On Monday hundreds of people in Hawaii were taking shelter wherever they could as one of the world's most active volcanoes continued to erupt.
At the same time but thousands of kilometres away, a team of 30 international scientists, including University of Wollongong geologist Dr Dominique Tanner, set sail on an expedition to drill into an active underwater volcano.
The Brothers volcano lies about 400km north-east of Auckland and is the most active volcano in the 1250km-long chain of seafloor volcanoes known as the Kermadec-Tonga Arc, which stretches from New Zealand to Tonga.
The scientists on board research ship JOIDES Resolution include Dr Tanner, who will be studying how volcanic magmas and fluids concentrate precious metals such as gold and copper.
“In some ways we know the surface of Mars better than we know what’s under our oceans,” Dr Tanner said.
“This is a rare opportunity to drill into an active volcano. It's not often that we core into an undersea volcano because logistically it's quite difficult, as you can imagine.”
This is a rare opportunity to drill into an active volcano.University of Wollongong geologist Dr Dominique Tanner
At the Kermadec-Tonga Arc, the Pacific plate subducts beneath the Australian plate, which causes magma to rise towards the surface and erupt resulting in volcanism along the boundary between the two plates.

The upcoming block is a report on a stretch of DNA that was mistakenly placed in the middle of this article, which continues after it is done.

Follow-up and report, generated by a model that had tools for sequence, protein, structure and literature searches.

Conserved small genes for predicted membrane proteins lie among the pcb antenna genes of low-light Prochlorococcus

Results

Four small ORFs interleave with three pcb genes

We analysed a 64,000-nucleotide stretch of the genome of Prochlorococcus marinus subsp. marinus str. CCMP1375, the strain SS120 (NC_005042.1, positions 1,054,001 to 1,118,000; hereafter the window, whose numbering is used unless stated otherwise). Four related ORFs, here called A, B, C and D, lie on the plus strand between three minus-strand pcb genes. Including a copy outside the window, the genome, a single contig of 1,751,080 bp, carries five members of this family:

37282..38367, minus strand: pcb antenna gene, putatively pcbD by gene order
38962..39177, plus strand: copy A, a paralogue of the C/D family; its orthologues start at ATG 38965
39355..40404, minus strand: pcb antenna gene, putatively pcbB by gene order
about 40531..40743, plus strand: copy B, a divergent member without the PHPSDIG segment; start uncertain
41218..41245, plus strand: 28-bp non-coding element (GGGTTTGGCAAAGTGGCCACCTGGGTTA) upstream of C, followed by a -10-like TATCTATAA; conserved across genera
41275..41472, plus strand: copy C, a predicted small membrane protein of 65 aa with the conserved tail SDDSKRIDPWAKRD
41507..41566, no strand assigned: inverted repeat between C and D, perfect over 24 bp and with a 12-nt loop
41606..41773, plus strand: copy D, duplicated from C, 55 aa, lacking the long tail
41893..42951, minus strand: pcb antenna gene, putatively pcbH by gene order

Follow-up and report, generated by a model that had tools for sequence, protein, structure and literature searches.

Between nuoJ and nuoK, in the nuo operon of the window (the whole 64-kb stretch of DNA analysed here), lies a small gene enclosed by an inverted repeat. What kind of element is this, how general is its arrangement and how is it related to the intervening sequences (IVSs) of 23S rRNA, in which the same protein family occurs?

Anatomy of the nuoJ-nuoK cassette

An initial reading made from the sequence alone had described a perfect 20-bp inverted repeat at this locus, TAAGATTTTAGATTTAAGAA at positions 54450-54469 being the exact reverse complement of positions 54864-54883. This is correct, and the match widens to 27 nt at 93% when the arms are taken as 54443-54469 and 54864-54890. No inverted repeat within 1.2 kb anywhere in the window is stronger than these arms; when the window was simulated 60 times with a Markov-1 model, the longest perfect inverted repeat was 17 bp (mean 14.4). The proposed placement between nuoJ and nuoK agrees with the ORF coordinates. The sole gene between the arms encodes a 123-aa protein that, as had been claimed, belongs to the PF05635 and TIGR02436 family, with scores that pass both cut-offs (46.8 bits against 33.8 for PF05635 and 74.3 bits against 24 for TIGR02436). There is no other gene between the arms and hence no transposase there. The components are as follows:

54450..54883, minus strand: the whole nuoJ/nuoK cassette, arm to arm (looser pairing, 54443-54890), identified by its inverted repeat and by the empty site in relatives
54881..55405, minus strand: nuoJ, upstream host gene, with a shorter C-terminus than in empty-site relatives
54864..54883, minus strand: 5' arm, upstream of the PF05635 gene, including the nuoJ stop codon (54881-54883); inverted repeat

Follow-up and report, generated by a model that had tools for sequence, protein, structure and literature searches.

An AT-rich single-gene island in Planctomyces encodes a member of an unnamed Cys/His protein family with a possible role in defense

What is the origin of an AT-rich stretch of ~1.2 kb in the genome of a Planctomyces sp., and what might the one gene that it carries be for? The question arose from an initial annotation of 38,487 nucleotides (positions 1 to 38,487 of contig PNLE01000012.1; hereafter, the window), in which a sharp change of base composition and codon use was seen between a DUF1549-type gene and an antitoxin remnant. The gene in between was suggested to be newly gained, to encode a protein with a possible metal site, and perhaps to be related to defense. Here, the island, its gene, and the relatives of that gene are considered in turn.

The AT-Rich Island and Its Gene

“What we're interested in is trying to understand, in this subduction setting, is how magmatic processes affect the contents of precious metals like copper and gold,” Dr Tanner said.
“Most of the copper resources on Earth are associated with ancient volcanoes, for example the Cadia mine near Parkes in NSW is part of an ancient volcanic chain – about 450 million years old – that we are currently mining.”
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She said the Brothers volcano, which lies about 1300 metres below the ocean surface and is about 13km long and 8km wide, was the earliest form of arc volcanism that researchers could look at.
The researchers will core down and collect rock from beneath the subsurface of the volcano at a number of sites.
It’s unlikely that we’re going to drill into magma, but we don’t know what we’re going to find.University of Wollongong geologist Dr Dominique Tanner
“It’s unlikely that we’re going to drill into magma, but we don’t know what we’re going to find,” Dr Tanner said.
“I’ll be working with other igneous petrologists, there will be three of us on board, and it will be our job to figure out exactly what’s beneath the subsurface.”
The lecturer at UOW’s School of Earth and Environmental Sciences, will also present a lecture, via video conference, to her first-year Planet Earth class, during the two-month voyage.
The scientists will provide regular expedition progress on the expedition webpage.
The expedition is part of the International Ocean Discovery Program (IODP), funded by an international research collaboration of 23 countries to study Earth’s history and dynamics recorded in sediments and rocks beneath the seafloor.